o Great Examples: Warby Parker glasses. Not only is this web-based glasses provider fun to deal with, but when a consumer buys a pair of eye glasses, another one is donated. Other companies do this like Tom’s Shoes who donates a second pair of shoes to a needy and deserving child.

fine print4. Don’t box me in. Offers that have restrictions make Boomers nuts. If I can only buy on Wednesdays between 2 and 4 and if I bring in a coupon – you have lost this sale.

5. Images matter. Do not under any circumstances use words that speak to Boomers and photos that look like 20-somethings. We are proud to be this age and will identify with images that look like us, even if they are the beautified versions.

o Great Examples: Car dealers that show luxury cars with amenities Boomers ask for and then it is being driven by a young business man. When was the last time you saw a 55 year old woman behind the steering wheel in a car commercial?

After all it was the Beatles that came out with Tell Me Why in 1964 (ironically the last year of Baby Boomer births) and recently 22 year old Taylor Swift came out with her own song called Tell Me Why.

Each of these examples could work for other age groups too – after all we just want to believe we are good people, making intelligent decisions and that the seller cares just a little bit about who we are and what we need. Not too much to ask.

Picture This?

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Did you see the recent news announcement about Facebook’s Sheryl Sandberg starting to put her brand on stock photos? You might be thinking “sheesh must everything be branded?” In this case I say “thank you Sheryl!”

Working businesswoman

If you haven’t looked for stock photography of women in a while, you might be surprised that there are very few images of women in business situations, politics, leadership or other “non mommie” images. There are also precious few images of older woman in any of the above.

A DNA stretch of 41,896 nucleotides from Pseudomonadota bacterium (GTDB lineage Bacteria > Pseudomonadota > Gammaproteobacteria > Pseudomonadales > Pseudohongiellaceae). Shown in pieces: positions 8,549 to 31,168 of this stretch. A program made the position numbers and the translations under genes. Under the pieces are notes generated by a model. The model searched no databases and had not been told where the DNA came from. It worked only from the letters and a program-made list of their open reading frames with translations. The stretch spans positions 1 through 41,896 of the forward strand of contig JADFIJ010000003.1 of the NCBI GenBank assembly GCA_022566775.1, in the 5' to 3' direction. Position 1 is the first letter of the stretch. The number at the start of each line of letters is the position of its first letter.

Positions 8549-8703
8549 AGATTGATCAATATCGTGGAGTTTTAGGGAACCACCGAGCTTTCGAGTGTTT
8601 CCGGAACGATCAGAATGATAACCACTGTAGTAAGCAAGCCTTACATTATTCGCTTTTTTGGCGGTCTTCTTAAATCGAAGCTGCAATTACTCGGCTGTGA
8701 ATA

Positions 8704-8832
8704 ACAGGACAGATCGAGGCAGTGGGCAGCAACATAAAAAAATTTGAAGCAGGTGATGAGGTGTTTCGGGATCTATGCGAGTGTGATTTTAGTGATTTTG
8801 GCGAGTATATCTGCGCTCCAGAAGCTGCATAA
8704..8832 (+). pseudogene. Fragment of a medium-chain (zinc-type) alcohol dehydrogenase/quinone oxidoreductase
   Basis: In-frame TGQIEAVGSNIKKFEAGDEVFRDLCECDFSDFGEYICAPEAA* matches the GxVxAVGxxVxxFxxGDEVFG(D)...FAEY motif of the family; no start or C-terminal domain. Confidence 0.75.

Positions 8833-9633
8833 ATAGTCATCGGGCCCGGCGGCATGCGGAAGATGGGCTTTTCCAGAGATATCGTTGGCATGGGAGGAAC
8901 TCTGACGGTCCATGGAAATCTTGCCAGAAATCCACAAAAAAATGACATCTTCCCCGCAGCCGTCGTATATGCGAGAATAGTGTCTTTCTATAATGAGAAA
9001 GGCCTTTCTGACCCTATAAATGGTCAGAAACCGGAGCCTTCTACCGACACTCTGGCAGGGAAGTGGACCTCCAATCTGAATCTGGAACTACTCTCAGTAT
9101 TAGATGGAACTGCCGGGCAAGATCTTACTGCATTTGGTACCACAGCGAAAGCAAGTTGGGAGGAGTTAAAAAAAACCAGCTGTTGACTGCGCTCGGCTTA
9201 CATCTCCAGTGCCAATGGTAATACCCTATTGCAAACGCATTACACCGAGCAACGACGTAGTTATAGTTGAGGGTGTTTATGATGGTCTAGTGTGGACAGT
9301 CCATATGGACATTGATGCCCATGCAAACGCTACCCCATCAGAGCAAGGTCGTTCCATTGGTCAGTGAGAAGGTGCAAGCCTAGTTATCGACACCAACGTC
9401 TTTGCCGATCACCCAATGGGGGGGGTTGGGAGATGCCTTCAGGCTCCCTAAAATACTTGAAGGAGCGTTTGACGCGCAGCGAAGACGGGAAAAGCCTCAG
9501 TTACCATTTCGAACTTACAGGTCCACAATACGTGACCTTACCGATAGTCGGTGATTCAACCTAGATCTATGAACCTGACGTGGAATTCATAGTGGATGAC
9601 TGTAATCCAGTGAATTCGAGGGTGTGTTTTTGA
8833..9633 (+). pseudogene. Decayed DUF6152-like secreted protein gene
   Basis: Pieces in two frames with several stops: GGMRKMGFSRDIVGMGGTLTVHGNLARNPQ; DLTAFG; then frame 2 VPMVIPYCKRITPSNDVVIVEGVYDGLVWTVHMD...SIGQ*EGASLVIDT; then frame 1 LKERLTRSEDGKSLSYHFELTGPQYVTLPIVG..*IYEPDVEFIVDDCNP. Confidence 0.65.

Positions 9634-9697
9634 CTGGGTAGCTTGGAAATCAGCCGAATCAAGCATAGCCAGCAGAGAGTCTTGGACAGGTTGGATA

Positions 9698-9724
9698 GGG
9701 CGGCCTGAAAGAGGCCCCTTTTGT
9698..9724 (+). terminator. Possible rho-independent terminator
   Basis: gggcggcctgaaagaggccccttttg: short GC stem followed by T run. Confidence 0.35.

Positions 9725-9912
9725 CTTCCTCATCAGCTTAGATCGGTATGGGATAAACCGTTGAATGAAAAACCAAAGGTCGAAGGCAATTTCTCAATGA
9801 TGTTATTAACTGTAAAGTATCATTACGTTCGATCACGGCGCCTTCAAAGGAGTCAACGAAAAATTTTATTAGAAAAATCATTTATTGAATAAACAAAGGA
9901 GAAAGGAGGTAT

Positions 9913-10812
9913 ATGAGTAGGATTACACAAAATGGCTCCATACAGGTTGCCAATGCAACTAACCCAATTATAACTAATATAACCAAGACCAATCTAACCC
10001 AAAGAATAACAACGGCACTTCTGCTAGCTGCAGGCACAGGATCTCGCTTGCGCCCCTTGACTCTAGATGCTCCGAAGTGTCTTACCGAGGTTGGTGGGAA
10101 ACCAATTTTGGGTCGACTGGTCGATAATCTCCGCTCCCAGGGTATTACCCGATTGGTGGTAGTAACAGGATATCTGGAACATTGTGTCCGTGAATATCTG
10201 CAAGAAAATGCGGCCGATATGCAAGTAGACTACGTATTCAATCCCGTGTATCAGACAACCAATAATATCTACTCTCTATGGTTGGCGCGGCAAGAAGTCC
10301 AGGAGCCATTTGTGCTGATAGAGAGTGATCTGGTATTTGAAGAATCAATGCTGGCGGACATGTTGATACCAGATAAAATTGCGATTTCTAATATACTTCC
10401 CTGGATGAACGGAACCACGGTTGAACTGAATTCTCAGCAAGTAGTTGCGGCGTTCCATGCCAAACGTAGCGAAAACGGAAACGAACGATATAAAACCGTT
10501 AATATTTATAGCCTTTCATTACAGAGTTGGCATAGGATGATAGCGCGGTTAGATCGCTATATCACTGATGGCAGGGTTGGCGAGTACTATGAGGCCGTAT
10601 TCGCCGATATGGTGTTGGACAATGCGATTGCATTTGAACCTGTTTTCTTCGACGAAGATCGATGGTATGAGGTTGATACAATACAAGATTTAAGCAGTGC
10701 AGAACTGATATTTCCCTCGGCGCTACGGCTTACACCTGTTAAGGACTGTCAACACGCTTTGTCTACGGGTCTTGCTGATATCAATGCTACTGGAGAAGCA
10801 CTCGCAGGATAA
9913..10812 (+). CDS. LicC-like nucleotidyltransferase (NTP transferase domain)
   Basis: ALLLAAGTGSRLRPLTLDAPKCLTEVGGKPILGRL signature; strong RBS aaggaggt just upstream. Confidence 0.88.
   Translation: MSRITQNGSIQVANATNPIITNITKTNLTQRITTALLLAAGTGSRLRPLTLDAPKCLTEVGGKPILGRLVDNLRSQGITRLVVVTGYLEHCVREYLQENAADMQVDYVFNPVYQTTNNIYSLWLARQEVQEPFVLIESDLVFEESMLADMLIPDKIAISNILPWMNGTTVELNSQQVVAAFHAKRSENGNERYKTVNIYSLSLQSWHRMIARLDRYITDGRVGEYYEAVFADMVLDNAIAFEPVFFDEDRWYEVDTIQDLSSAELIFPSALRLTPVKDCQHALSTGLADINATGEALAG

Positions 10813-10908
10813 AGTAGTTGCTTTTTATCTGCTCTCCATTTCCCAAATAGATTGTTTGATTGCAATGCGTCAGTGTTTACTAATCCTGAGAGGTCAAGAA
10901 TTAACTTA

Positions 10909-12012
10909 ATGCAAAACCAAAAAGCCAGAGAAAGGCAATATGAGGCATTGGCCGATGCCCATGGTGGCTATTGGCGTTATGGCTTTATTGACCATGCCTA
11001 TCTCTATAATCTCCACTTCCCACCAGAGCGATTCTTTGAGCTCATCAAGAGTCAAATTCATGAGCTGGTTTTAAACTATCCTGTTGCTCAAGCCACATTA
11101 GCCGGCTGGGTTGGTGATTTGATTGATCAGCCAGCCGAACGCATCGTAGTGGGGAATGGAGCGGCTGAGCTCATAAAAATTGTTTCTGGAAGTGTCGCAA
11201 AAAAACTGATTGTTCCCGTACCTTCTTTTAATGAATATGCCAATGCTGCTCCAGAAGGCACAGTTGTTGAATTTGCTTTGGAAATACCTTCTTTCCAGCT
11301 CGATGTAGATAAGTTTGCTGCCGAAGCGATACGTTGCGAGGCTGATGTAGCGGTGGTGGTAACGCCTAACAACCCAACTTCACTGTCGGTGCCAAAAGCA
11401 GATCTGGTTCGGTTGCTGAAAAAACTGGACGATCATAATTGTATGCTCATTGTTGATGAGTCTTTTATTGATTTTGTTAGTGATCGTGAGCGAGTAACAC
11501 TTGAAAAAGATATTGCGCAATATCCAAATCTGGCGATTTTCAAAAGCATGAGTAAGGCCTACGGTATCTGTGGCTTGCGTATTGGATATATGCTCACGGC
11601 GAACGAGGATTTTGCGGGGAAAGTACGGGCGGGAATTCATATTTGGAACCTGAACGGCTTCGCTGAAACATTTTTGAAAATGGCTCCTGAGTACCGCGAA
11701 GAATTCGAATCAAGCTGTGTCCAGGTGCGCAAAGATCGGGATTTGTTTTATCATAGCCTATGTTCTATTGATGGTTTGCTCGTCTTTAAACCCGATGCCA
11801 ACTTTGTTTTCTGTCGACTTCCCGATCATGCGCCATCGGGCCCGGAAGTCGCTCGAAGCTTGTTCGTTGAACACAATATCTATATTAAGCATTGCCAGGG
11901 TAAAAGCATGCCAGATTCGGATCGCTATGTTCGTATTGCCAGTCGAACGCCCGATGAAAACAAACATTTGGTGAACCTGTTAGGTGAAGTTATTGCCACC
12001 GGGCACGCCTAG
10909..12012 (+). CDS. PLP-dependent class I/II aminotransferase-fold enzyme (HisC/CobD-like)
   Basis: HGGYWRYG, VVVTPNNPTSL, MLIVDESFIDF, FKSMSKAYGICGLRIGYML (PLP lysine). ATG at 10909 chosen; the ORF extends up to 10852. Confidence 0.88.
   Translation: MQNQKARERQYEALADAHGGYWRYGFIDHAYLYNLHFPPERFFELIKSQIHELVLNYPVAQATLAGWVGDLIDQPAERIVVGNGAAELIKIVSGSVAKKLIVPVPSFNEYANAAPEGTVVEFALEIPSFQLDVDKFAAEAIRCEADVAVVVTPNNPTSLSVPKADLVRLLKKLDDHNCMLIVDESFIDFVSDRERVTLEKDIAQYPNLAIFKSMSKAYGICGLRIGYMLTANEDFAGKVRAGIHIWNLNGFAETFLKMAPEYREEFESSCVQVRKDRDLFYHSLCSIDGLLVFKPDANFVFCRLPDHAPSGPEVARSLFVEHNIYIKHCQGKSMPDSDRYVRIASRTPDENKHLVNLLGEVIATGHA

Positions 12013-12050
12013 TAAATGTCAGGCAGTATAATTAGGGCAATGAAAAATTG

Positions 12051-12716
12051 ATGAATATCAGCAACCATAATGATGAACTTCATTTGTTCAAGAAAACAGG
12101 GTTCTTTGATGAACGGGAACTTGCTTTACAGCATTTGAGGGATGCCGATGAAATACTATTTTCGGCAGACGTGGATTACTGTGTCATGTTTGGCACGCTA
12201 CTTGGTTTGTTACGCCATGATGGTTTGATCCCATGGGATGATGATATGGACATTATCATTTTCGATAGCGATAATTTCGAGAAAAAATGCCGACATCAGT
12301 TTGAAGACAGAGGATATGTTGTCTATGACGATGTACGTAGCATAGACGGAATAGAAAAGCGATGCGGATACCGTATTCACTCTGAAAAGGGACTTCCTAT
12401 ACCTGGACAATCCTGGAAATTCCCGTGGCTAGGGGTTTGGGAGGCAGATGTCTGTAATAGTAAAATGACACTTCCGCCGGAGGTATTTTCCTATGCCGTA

Try this: do a Google image search for “professional women over 40” and you get mostly celebrities, with the first row being all Jane Fonda. But these celebrity images are faces, beautiful ones yes, but they are not DOING anything. What kind of message are we sending the next generation of women?

The photo in this blog is an example of what I got when I asked iStock (owned by Getty Images) for “professional women” – oh my.

Sandberg, and let’s admit Facebook is all about images, is in a position to know that stock images make up most of the advertising, sales materials, websites and yes Facebook content.

The success of her book “Lean In: Women, Work and the Will to Lead” has really touched a nerve but maybe it also uncovered a lack of images she could include in her book too. This photography branding is being managed by her nonprofit LeanIn.org.

She has partnered with Getty Images, which is a main source of stock photography and they claim to have 2.4 million customers, many in marketing I would guess, including me.

What does your marketing depict? Maybe it is time to allocate some of your 2014 budget to gather more relevant photography of real people using your product or service – it will surely resonate with your consumers and make you stand away from the stock images of yesterday!

As I watch the Winter Olympics and see records fall and women enter the ranks of men-only sports (women’s hockey?) I know we are moving in a positive direction – but when we change the visual images with ones that are appropriate and empowering, well we will all have leaned in the right direction. And that direction is not lying down!